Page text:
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Old August 10th, 2006, 08:08 AM
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Default ***** TSA Regulations - 10 August 2006 *****

Everybody,

Due to a foiled terrorist plot to attack aircraft with liquid explosives in London overnight, the Transportation Security Administration has put new regulatoins into effect. Effective immediately, airline passengers may not carry liquids other than breast milk and juice for infants and liquid medicines onto an airplane in the United States. All other liquids are permitted only in checked luggage.

See this article on the TSA web site for more information.

Norm.
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Old August 10th, 2006, 09:16 AM
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Thanks for the site link! At first read you might think...well no problem I just won't drink any coffee, water etc.
NO SIR...it includes "NO LIQUIDS OR GELS OF ANY KIND WILL BE PERMITTED IN CARRY-ON BAGGAGE. ITEMS MUST BE IN CHECKED BAGGAGE. This includes all beverages, shampoo, suntan lotion, creams, tooth paste, hair gel, and other items of similar consistency"

Quite a serious situation.
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Old August 10th, 2006, 09:18 AM
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Does this effect the cruise lines carry on requirements? I will be driving to the port, so I don't have to worry about the airlines?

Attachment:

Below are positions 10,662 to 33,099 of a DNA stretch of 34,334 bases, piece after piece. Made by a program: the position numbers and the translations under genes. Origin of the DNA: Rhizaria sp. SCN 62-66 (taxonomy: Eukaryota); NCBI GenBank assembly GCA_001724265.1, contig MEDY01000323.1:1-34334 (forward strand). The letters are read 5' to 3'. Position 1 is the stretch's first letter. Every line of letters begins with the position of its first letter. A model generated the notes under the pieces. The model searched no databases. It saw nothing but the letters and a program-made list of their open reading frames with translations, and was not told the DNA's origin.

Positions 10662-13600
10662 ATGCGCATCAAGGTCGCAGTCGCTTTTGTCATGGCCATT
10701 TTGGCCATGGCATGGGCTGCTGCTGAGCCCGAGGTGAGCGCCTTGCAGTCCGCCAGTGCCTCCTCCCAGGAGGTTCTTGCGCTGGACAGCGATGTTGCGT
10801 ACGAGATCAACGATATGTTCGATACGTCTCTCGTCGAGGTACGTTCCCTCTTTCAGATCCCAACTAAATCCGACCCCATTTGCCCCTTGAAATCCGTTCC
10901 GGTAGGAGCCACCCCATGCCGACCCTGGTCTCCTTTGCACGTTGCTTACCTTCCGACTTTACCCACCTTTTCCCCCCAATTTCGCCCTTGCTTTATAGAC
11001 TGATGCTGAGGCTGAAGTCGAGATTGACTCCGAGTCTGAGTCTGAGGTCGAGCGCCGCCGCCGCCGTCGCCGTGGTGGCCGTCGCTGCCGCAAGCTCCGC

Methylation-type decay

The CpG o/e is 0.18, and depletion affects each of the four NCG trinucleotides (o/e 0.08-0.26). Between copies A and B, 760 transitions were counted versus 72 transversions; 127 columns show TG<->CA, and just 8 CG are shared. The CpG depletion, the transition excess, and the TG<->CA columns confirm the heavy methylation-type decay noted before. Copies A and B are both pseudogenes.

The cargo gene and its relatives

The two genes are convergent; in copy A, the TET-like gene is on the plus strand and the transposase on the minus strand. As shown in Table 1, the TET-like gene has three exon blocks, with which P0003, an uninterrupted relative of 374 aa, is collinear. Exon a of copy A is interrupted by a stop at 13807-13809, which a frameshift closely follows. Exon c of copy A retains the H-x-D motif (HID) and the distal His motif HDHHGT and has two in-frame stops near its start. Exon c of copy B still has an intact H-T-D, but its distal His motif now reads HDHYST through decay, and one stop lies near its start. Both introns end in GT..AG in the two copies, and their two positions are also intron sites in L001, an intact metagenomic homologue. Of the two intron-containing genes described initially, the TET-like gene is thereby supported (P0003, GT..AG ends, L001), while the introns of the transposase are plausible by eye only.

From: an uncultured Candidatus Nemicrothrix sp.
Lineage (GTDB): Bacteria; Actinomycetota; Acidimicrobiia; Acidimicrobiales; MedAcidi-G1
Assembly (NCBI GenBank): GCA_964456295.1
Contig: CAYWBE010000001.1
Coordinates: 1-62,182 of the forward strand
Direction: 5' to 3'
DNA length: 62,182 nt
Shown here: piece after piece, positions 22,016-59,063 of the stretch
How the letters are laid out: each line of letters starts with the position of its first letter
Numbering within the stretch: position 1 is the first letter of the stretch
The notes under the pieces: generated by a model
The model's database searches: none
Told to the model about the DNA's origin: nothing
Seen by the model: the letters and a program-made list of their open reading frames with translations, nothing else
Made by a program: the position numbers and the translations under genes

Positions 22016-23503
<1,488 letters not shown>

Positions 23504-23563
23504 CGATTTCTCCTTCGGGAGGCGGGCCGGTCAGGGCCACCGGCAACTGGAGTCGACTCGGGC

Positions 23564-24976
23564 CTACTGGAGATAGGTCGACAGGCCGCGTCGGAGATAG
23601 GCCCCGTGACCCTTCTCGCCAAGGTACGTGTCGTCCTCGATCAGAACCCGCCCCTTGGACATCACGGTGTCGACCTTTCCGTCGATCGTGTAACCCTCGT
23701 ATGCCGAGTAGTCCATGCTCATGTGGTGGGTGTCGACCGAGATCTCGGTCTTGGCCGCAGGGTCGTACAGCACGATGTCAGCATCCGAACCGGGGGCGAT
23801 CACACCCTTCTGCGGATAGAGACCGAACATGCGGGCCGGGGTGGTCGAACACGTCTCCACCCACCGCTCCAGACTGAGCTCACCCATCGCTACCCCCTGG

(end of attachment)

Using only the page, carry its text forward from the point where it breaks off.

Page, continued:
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Old August 10th, 2006, 09:39 AM
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msblackjack - the new regulations are for airline travel only in and out of the United States.
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Old August 10th, 2006, 10:33 AM
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The new policy has nothing to do with cruising. Of course the biggest problem is, most of us carry lots of liquids in our carry ons, now we have to do things totallly differently. If this is what it takes, we will all live with it, anything to keep from having another 9/11. NMnita
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Old August 10th, 2006, 11:15 AM
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I hope this is temporary. 8 oz. of soda doesn't hold me over for a full flight.
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Old August 10th, 2006, 12:44 PM
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Fieldmouse,

Thanks for the site link!

You're welcome.

At first read you might think...well no problem I just won't drink any coffee, water etc.
NO SIR...it includes "NO LIQUIDS OR GELS OF ANY KIND WILL BE PERMITTED IN CARRY-ON BAGGAGE. ITEMS MUST BE IN CHECKED BAGGAGE. This includes all beverages, shampoo, suntan lotion, creams, tooth paste, hair gel, and other items of similar consistency"


Practically, this means that cosmetics, toiletries, sunscreen, skin care products, etc., now must go in checked luggage. It's not really much of a problem.

Right before the quote that you pulled from the linked article, the artilce states that TSA is granting the following esceptions: "Baby formula, breast milk, or juice if a baby or small child is traveling; prescription medicine with a name that matches the passenger’s ticket; and insulin and essential other non-prescription medicines" (boldface added).

Norm.
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Old August 10th, 2006, 12:50 PM
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msblackjack,